Exchange traded index funds (ETFs) have many advantages. But no product class is without its disadvantages – not even ETFs. Investors should, however, take a close look before buying an ETF. Because even with these generally inexpensive products, not everything is as simple as it seems at first glance.
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Counterparty Risk of Swap ETFs
When entering into a swap agreement, what is known as a counterparty risk arises: the ETF depends on the swap partner (the counterparty) fulfilling its obligations. However, if the bank slips into insolvency, the ETF will be left with any existing claims from the swap contract – and the investors’ money is gone. Because: The swap is not part of the fund.
In addition, the various ETF providers take precautions to reduce the counterparty risk. For example, the swap partners are sometimes obliged to provide collateral for their obligations that exceeds the actual value of the swap. As a rule, however, these collateral obligations are not anchored in the sales prospectuses. Investors should therefore not rely entirely on these promises.
Some providers prefer to use contracts with different banks instead of collateral for the swap agreements to limit the risk of failure of a single contractual partner. It is difficult to quantify the benefits of these so-called multi-counterparty structures for investors.
Swap ETF costs
Another problem: investors cannot understand the fees for the swaps. Since swaps are not exchanged on exchanges but are agreed fairly between the parties to the deal. Since ETF providers are often part of giant banking groups and conclude swap agreements with their parent companies, there is a risk that investors will be harmed by excessive fees.
Instead of these problems, however, providers prefer to focus on the alleged advantages of swap ETFs: the uncomplicated mapping of complicated indices and the cost savings – also for investors. In fact, the risks and problems mentioned do not have to speak against buying swap ETFs. But by acquiring a synthetic replicating ETF, everyone should know what they are walking into.
Costs and Risks of Physically Replicating ETFs
ETFs that physically replicate, i.e. actually hold the securities contained in an index in the fund’s assets, have their pitfalls. Virtually all companies reserve the right to lend the securities owned by the fund. The borrowers can, for example, be speculators who bet on the fall of a certain share and therefore want to sell it short.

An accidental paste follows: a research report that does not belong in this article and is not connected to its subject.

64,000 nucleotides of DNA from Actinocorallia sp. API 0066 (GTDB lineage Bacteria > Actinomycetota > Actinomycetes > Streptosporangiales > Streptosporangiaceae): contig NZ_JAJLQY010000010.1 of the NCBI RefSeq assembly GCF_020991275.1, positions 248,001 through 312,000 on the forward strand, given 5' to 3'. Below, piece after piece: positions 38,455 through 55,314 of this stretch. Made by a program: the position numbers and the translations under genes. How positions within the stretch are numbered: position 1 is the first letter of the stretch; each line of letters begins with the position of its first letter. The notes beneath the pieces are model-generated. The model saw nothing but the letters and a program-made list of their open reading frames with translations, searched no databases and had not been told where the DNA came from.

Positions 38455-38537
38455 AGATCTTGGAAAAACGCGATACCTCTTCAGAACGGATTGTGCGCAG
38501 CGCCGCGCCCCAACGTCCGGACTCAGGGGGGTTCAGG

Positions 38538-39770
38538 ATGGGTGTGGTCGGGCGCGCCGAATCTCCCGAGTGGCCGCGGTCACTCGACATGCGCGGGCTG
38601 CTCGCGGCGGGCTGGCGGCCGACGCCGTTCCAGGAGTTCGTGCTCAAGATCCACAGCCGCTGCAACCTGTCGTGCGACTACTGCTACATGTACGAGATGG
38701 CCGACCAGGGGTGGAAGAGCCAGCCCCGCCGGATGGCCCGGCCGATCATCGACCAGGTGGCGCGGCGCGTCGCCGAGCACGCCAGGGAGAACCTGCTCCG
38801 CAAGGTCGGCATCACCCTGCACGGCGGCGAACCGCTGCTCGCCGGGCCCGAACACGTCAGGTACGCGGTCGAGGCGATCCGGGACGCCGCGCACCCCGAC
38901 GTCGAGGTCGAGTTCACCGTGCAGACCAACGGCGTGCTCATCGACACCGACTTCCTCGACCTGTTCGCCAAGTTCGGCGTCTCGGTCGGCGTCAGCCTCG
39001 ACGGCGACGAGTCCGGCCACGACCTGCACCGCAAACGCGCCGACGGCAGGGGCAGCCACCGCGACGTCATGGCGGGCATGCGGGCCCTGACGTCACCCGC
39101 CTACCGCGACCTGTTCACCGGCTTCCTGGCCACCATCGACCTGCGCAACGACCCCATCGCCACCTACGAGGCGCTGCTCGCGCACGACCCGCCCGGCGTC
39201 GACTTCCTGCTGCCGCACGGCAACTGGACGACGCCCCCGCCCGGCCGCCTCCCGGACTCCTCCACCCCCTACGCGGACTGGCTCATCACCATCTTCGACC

In order to borrow this stock from the ETF, you must pay a fee to the fund. Securities lending creates additional income for investors. First of all, that’s positive – after all, it improves the return on your investment.
However, there are also problems with this. For one thing, there are no higher returns without higher risk. And so the lending fee is ultimately a compensation for the risk that the ETF takes by giving up the securities. Because: If the borrower becomes insolvent, the ETF may not get the papers back. The ETF providers try to hedge against this by lending securities only against collateral. However, this also does not guarantee 100% protection.
Perhaps the bigger problem, however, is that while investors have to bear the full risk of the securities lending business, they only receive part of the income. The ETF providers usually grant themselves the right in the sales prospectuses to keep 50 percent of the income from lending transactions for themselves.
Conclusion: ETFs are an interesting alternative to actively managed funds, but they have certain pitfalls that you have to be aware of
Even if ETFs have many advantages over actively managed funds, consumers must also take the disadvantages outlined above into account before deciding to buy. But despite these weaknesses, ETFs do well in direct comparison with actively managed funds – and even relatively transparent. And the disadvantages of ETFs also partly apply to actively managed funds – because they too use derivatives or conduct securities transactions, for example.